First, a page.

Monday, November 24, 2008


I've just finished reading "Sea Salt", by Stan Waterman.

Quite frankly, I feel somewhat deflated.
I honestly thought that some of the threads that get bounced about in the Blogosphere might cast a novel, maybe sometimes even a visionary light onto the relationship between humans and the most iconic denizens of the Ocean - and now I find out that Stan has said it all ages ago.

Well, I should have known better.
Like Ron and Val, Stan has participated in the very inception of the Fiji Shark Project when we held that memorable first brainstorming on the upper deck of Pelagian back then in 2002. I did and still very much value his insights and support and he always makes it a point to come check on our progress during his yearly forays into Fiji.
I now understand that much of what I believe and have come to learn is a direct consequence of having had the privilege to spend time with him and all of the other diving legends I've been fortunate to meet over the years.
As always, nihil novi sub sole, just another turn of the Wheel.

Be amazed!
Here's what the Great, gentle Man has written in (italics are mine):

1986: "The Rambo Out-of-the-Cage Club" (this is about cageless diving with Great Whites)
"So what are my thoughts about all this? I of course (now that I've had my go in the arena), hope there will be a lid on such activity. In all seriousness, I begin to think that such stunts demean the magnificent predators. We prove for the consumption of our own human egos and the titillation of the public that we don't know the meaning of fear.
The Sharks themselves are not impressed. They have no sense of machismo; they just survive.
After many years of diving with Sharks, I believe I would rather see and film them in the wild, unmolested by man and happy that they do not eat me. I like to think that intelligent fear may be synonymous with healthy respect.
Henry Beston wrote in his book, "The Outermost House": for the animal shall not be measured by man. In a world older and more complete than ours, they live finished and complete, gifted with extensions of the senses we have lost or never attained, living by voices we will never hear. They are not our brethren. They are not underlings. They are other nations, caught with ourselves in the net of life and time, fellow prisoners of the splendor and the travail of the earth."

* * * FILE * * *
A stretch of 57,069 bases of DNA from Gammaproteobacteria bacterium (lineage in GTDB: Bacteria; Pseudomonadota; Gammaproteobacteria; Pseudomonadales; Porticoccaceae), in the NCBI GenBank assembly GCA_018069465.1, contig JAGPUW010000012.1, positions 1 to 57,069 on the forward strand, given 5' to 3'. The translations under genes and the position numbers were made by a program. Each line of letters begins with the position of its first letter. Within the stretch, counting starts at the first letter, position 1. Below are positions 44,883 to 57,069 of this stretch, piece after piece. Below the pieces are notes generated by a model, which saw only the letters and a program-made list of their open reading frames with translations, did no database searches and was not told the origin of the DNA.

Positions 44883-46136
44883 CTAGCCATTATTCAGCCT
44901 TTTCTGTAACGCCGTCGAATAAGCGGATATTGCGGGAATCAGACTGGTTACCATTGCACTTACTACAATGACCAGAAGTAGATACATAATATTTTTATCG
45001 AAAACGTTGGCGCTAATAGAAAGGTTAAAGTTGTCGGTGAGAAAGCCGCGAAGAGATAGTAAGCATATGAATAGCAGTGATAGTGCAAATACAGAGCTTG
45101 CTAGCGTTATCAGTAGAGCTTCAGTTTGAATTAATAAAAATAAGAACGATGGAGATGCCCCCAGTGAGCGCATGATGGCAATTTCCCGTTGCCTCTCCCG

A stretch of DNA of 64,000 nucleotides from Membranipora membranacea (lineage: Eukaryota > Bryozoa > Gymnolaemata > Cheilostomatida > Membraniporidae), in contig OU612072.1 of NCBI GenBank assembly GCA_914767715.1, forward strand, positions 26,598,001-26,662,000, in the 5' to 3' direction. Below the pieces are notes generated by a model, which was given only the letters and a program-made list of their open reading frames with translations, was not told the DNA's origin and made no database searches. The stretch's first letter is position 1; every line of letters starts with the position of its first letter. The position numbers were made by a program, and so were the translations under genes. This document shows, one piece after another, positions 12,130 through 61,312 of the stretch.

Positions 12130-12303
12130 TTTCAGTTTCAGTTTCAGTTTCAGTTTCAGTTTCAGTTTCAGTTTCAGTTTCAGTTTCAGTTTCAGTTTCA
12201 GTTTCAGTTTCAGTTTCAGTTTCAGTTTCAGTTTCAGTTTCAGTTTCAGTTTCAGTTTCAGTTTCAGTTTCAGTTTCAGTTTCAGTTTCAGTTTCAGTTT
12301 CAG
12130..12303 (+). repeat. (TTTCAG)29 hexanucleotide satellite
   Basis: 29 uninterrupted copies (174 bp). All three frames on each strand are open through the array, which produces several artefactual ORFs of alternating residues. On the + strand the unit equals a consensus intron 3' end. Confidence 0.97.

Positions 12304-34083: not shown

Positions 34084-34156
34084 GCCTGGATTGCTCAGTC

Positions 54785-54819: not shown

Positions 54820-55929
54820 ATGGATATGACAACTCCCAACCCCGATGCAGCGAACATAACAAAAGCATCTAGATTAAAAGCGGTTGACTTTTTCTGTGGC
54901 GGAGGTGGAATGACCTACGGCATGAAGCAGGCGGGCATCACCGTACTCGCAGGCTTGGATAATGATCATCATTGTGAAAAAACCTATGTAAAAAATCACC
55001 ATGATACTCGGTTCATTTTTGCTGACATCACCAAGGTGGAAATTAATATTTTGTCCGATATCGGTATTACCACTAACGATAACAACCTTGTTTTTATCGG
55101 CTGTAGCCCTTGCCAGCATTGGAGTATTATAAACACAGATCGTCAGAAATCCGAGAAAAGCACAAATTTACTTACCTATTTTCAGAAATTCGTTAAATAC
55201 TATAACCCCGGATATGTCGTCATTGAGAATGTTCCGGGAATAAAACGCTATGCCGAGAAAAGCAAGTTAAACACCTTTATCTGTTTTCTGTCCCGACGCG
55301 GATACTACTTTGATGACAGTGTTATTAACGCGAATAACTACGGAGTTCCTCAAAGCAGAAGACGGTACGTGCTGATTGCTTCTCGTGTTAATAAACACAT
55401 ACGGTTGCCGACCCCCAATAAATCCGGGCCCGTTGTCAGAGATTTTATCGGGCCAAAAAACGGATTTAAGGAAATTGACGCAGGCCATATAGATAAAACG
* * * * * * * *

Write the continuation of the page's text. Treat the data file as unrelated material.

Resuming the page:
1994: "Neither Friend nor Monster"
"The Shark-feeding syndrome has such broad currency these days that I feel the activity has endengered a too-casual attitude towards the Shark. Divers who started with a healthy fear (let's call it healthy respect) of the animal are wooed by its grace and control and apparent shyness in the presence of humans.
Despite the common opinion that Sharks are unpredictable, they have proven very predictable. Their behaviour within the Shark-feeding exercise is steady and under control. However, the margin of safety is very thin indeed. One small mistake in the conduct or appearance of the human element in this banquet can be the catalyst for a sudden, nightmarish accident. There have already been accidents and there will be more.
Humans are fallible. The Shark's response to instinct is constant and immutable. The point I want to make is that these fascinating animals are neither monsters nor friends. Their instinct is to feed.
Most of the Shark-feeding performances are safe, with the odds strongly in favor of the divers involved. While these activities have done much to dispel age-old fears, they have led to complacency and carelessness, which is the flipside of respect and regard for potential danger.
The Shark's instincts were shaped over 300 million years ago. Its course is clearly programmed. Our instincts, on the other hand, are both young and easily eroded by familiarity. Let us use our intelligence to sustain a prudent, careful relationship with the Shark."

1999: "To Feed or not to Feed"
"Maybe "prudence" and "respect" are the key words. The exposure to great marine animals by diver experience and through the entertainment media has done much to build a consensus for Sharks. That in turn bears on legislation to protect them. Like so many controversies over humanity's relationship to the animals with which we share the planet, there are varying sides - not all good, not all bad.
Just keep in mind the words of William Blake: "What immortal hand or eye/ Could frame thy fearful symmetry?"
That "symmetry" may be thought of as a deep-rooted instinct in all predators. The "immortal hand or eye" imbued them with that instinct millions of years before we evolved. That imperative is still deeply rooted in them."

And! Check out this: Stan and his family!
Yes, January 1958!

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